If you’re thinking about becoming baptized, I urge you to take a look and pray about whether this step is right for you. After reading the information on the webpage, you can signal your intention to be baptized.


1) Baptism indicates your decision to follow Christ.

In order to understand the reason for being immersed in a water baptism, it’s important to carefully consider what the Bible says about it: Jesus himself was baptized. He was not a sinner — he never made a mistake or disappointed God — yet he humbled himself in obedience to identify with us and give us an example to follow.

“At this time, Jesus came from Nazareth in Galilee and was baptized by John in the Jordan River. The moment He came out of the water, He saw the sky split open and God’s Spirit descending like a dove. Along with the Spirit, a voice could be heard: ‘You are my Son, chosen and marked by my love, pride of my life’” (Mark 1:9, MSG).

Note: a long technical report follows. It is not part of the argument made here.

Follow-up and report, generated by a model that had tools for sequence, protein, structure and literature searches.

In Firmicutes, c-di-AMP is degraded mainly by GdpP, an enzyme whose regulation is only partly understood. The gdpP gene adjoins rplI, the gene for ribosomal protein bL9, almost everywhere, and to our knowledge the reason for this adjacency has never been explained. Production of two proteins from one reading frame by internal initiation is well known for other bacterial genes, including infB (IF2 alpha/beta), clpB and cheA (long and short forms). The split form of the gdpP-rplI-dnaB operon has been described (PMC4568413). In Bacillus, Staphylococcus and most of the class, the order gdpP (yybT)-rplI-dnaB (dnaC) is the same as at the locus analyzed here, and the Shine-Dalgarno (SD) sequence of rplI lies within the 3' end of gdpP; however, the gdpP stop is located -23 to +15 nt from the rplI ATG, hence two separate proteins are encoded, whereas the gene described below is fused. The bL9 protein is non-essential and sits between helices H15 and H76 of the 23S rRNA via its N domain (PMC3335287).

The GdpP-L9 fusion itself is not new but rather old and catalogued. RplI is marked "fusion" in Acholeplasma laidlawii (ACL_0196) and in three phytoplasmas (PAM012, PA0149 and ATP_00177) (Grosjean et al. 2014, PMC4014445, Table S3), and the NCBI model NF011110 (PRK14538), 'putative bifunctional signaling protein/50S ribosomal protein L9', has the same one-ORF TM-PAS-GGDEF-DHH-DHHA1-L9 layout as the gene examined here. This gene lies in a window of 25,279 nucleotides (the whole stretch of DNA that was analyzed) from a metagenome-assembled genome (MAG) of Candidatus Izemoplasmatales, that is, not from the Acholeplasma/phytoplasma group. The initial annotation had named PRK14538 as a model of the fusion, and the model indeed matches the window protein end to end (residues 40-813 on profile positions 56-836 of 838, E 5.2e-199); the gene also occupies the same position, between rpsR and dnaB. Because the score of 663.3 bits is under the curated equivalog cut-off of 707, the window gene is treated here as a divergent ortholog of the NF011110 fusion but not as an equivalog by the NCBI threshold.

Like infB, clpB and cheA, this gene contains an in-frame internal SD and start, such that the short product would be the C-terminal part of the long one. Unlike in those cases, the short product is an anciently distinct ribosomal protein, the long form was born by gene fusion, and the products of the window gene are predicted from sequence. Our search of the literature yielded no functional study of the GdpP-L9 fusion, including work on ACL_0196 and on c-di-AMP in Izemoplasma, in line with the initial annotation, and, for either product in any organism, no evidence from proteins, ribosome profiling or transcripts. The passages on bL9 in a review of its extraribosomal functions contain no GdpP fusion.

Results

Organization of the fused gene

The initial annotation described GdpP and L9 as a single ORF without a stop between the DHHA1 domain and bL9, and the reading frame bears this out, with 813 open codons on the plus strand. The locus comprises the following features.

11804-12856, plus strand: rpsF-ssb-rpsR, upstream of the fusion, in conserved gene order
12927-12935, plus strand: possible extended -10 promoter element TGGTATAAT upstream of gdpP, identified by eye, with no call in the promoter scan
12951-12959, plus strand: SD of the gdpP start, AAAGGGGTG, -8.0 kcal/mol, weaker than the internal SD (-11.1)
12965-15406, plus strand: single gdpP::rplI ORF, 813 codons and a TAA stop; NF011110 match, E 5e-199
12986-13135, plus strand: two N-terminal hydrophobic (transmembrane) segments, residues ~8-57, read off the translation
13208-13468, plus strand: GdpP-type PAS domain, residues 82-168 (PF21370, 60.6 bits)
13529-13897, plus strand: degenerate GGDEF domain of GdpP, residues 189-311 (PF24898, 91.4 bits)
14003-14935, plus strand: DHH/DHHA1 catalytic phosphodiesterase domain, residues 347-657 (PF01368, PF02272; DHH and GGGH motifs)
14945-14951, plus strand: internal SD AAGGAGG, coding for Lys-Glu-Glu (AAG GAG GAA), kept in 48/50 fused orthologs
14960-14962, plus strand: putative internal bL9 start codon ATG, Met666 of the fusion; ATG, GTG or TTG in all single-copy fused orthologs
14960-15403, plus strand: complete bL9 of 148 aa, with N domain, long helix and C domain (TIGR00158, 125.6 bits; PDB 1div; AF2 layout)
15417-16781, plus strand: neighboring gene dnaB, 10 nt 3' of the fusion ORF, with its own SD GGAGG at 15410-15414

2) Baptism is an act of obedience.

Water baptism is an act of faith and obedience to the commands of Christ. “Therefore go and make disciples of all nations, baptizing them in the name of the Father and of the Son and of the Holy Spirit, and teaching them to obey everything I have commanded you. And surely I am with you always, to the very end of the age” (Matthew 28:19-20, NIV).

3) Baptism is a public declaration of your faith.

Baptism declares that you are a follower of Jesus Christ. It is a public confession of your faith in, and commitment to, Jesus Christ.

It is the next step after salvation through repentance and faith and is an important foundation for Christian life. “Then he said, ‘Go into the world. Go everywhere and announce the message of God’s good news to one and all. Whoever believes and is baptized is saved; whoever refuses to believe is damned’” (Mark 16:16, MSG).


1) Baptism represents a transformation from death to life.